311 (quoting Mayo, 13 F.3d at 533); see also Smith v. Robbins,
528 U.S. 259, 288 (2000) (stating that “it is still possible to
bring a Strickland claim based on counsel’s failure to raise a
particular claim, but it is difficult to demonstrate that
counsel was incompetent” because doing so requires a “showing
that a particular nonfrivolous issue was clearly stronger than
issues that counsel did present”).3
Here, Minaya provides no
evidence for the proposition that the argument regarding
prosecutorial misconduct was clearly stronger than the two
issues that counsel actually presented, i.e., the sufficiency of
the evidence and the credibility of Guzman’s testimony. See
Minaya, 544 F. App’x at 14.
Even assuming that the
prosecutorial misconduct argument had some merit, counsel’s
decision not to raise it was within the “wide range of
reasonable professional assistance.” Strickland, 466 U.S. at
Indeed, the “process of winnowing out weaker arguments on
appeal and focusing on those more likely to prevail, far from
being evidence of incompetence, is the hallmark of effective
appellate advocacy.” Sellan v. Kuhlman, 261 F.3d 303, 317 (2d
Cir. 2001) (internal quotation marks omitted); see also Parks v.
Sheahan, 104 F. Supp. 3d 271, 288 (E.D.N.Y. 2015) (“[T]he choice
As discussed further below, the prosecutorial misconduct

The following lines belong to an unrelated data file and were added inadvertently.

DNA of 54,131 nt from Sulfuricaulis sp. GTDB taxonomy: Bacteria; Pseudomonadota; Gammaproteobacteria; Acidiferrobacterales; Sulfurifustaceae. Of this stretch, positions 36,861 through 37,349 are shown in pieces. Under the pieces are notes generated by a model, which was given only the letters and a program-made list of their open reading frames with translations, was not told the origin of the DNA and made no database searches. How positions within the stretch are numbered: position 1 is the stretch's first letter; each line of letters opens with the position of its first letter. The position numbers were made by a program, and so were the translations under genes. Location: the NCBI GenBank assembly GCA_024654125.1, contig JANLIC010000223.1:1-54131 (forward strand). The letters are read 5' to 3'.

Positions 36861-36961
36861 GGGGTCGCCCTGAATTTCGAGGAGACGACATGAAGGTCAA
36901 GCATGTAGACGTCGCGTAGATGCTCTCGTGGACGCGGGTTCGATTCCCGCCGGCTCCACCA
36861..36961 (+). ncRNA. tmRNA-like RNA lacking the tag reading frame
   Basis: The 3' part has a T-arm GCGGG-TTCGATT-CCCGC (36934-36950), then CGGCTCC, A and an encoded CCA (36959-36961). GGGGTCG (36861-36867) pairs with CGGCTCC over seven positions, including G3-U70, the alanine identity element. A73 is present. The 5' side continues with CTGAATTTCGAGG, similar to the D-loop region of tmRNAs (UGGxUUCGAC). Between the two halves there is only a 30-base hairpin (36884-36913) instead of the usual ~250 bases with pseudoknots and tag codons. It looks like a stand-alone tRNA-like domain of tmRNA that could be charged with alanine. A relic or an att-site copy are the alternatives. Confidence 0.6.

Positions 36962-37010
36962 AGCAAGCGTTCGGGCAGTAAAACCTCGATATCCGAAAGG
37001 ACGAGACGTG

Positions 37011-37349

argument that Minaya desired counsel to press on appeal is
without merit. “Failure to make a meritless argument does not
amount to ineffective assistance.” United States v. Arena, 180
F.3d 380, 396 (2d Cir. 1999), disapproved on other grounds,
Scheidler v. Nat’l Org. for Women, Inc., 537 U.S. 393, 403 n.8
of which issues to raise on appeal is a matter of professional
judgment left to appellate counsel.”).
argument that counsel failed to argue prosecutorial misconduct
does not establish a claim for ineffective assistance of
With respect to Minaya’s third argument, counsel’s failure
to provide him with a transcript of the argument in his appeal
does not constitute ineffective assistance of counsel. (See
Pet’r’s Mem. at 4.)
“Even assuming for purposes of argument
that a failure to provide a defendant with a transcript of an
appellate argument could constitute deficient performance, there
would be no resulting prejudice.” Duncan v. Fischer, 410 F.
Supp. 2d 101, 118 (E.D.N.Y. 2006).
The fact that counsel failed
to provide a transcript of the appellate argument to Minaya
after the argument took place has no logical connection to the
possibility—let alone probability—of a “different” result in
that proceeding. See Strickland, 466 U.S. at 694.
Minaya’s remaining arguments on this front are without
Minaya cites Slappy v. Morris, 649 F.2d 718 (9th Cir.
1981), for the proposition that the right to counsel includes
“the right to a meaningful attorney-client relationship.”
(Pet’r’s Mem. at 5.)
However, the Supreme Court reversed the
Ninth Circuit’s decision in Slappy and “reject[ed] the claim
that the Sixth Amendment guarantees a ‘meaningful relationship’
between an accused and his counsel.” Morris v. Slappy, 461 U.S.
1, 14 (1983).
Moreover, although Minaya takes issue with
counsel’s “perfunctory manner,” (Pet’r’s Mem. at 7), the Sixth
Amendment does not guarantee complete satisfaction with
counsel’s performance. See United States v. Cronic, 466 U.S.
648, 657 n.21 (1984) (“If counsel is a reasonably effective
advocate, he meets constitutional standards irrespective of his
client's evaluation of his performance.”).
Finally, with respect to the second prong of the Strickland